Yom Kippur 5779: Unatanah Tokef

By: Rabbi Jeff Stombaugh

This year when I started looking at the liturgy of Unatanah Tokef to speak to you now, I found myself unexpectedly desensitized to the question: “Who shall live, and who shall die?” Usually, when the time comes during the year to ask this question about the fragility of life, it gives me pause. But this year my first reaction was neutral. This year I pretty much thought: “*Sigh,* I guess it’s out of our control.”

Then I caught myself – desensitized to Unatanah Tokef!? What’s happening?! What about the end? T’fillah, t’shuvah, and tzedakah…? And again I was struck by the feeling of: I know this already. While I usually find these actions in the face of uncertainty inspiring, this year something was different.

What that is – I think – is that all year we’ve been asking this question weekly, if not daily. Who by school shooting? Who by police shooting? Who by neo-nazi? Who by cages? Who by poverty? Who by homelessness? Who by lack of access to health care? Who by hurricane? Who by climate change? What’s different is that in this past year we’ve been bearing witness to the fragility of life weekly, if not daily. It affects us, and these are terrifying questions.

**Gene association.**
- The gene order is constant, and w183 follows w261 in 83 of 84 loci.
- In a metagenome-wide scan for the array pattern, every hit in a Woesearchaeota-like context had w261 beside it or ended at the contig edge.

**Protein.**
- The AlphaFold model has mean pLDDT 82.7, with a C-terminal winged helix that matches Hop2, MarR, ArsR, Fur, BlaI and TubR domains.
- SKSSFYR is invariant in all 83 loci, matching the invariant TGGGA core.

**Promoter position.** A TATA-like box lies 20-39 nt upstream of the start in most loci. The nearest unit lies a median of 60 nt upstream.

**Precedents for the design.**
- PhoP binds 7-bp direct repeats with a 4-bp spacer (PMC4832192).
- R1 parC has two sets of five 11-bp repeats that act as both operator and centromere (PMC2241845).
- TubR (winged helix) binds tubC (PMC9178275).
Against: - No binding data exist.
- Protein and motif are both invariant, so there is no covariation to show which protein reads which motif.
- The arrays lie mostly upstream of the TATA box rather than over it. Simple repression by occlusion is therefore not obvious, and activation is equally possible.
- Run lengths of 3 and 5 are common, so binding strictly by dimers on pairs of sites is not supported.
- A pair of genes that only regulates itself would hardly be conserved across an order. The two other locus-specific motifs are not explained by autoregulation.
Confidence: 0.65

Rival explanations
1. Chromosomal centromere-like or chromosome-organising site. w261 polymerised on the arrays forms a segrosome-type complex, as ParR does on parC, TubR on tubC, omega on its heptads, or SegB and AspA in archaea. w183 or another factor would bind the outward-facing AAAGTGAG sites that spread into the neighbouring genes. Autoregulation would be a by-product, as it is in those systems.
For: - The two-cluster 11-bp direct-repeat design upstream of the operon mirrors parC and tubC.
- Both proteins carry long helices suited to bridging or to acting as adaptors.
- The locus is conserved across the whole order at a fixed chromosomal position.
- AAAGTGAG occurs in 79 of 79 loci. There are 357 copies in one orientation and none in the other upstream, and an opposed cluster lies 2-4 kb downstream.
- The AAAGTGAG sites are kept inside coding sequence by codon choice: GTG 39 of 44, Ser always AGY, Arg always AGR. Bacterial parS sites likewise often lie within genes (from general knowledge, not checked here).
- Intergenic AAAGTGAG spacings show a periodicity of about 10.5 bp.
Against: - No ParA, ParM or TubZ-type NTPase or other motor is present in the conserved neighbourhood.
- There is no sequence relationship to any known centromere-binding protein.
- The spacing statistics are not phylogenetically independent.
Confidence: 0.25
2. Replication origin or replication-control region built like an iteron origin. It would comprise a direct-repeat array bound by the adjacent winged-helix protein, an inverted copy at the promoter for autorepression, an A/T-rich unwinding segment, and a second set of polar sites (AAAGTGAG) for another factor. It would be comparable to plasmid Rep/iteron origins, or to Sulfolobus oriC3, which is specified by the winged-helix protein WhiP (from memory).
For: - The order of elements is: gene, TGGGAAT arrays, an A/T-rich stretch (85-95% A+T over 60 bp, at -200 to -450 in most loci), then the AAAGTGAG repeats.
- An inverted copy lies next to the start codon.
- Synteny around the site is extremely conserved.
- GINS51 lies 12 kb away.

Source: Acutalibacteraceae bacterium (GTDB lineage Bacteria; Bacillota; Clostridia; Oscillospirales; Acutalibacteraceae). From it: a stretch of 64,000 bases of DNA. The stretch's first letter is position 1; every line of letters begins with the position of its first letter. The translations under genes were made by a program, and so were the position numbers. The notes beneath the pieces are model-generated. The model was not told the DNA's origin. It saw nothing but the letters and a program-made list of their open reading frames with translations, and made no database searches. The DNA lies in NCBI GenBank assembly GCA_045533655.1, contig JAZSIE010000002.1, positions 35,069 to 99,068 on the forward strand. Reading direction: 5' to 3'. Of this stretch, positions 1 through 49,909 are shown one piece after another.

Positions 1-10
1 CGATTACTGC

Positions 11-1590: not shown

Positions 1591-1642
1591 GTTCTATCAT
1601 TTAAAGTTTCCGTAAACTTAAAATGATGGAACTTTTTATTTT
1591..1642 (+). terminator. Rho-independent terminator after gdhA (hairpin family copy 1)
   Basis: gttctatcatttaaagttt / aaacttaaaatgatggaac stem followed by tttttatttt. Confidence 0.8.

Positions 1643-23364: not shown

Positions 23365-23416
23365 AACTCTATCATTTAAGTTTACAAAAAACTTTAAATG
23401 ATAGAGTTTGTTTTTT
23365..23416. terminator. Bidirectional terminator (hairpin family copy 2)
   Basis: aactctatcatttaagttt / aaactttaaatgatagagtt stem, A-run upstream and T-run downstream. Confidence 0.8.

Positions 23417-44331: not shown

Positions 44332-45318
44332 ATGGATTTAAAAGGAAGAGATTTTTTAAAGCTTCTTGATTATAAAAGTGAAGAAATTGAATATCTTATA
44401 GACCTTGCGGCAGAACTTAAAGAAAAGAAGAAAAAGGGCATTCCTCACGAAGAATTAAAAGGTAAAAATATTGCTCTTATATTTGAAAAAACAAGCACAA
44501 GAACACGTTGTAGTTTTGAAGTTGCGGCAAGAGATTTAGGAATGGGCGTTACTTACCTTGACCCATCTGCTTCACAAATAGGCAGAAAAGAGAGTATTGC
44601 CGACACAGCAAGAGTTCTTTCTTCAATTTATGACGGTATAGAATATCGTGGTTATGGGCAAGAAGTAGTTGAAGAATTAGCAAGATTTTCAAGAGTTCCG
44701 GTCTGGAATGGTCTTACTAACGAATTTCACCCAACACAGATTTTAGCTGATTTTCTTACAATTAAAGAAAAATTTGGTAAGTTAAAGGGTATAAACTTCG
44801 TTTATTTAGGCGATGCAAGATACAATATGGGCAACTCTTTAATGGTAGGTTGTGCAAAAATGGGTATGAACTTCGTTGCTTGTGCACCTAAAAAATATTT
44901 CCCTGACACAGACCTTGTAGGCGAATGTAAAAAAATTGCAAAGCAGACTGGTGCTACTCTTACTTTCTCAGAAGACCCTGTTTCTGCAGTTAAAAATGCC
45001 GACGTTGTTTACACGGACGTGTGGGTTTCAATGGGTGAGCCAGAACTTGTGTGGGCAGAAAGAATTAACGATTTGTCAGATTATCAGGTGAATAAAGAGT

So this year, how can we recalibrate our t’fillah, t’shuvah, and tzedakah – because it has to be better, because it needs to make a difference.

To help address this fear and navigate this liturgy, I would like to highlight novelist Karen Walker Thompson. She defines fear as our own “wild acts of the imagination,” our personal narratives of the dramatic and nuanced plot lines that we imagine what might happen if… And she suggests that if we read our our fears and uncertainties with wisdom and insight, they can become incredible gifts of clarity.

This way, we can adjust our t’fillah so we can live healthier lives, before our arteries clog or our blood pressure gets too high.  This way, we can make t’shuvah, and start a conversation before an unexpected phone call, or the resentment keeps us broken. This way, we can give tzedakah, to make the help and change happen in the world we already lament we didn’t make, and mother earth wishes we had.

And while this may not reverse God’s decree in our liturgy, it may help us configure our prayer, repentance, and charitable action, as we navigate these turbulent and tumultuous waters.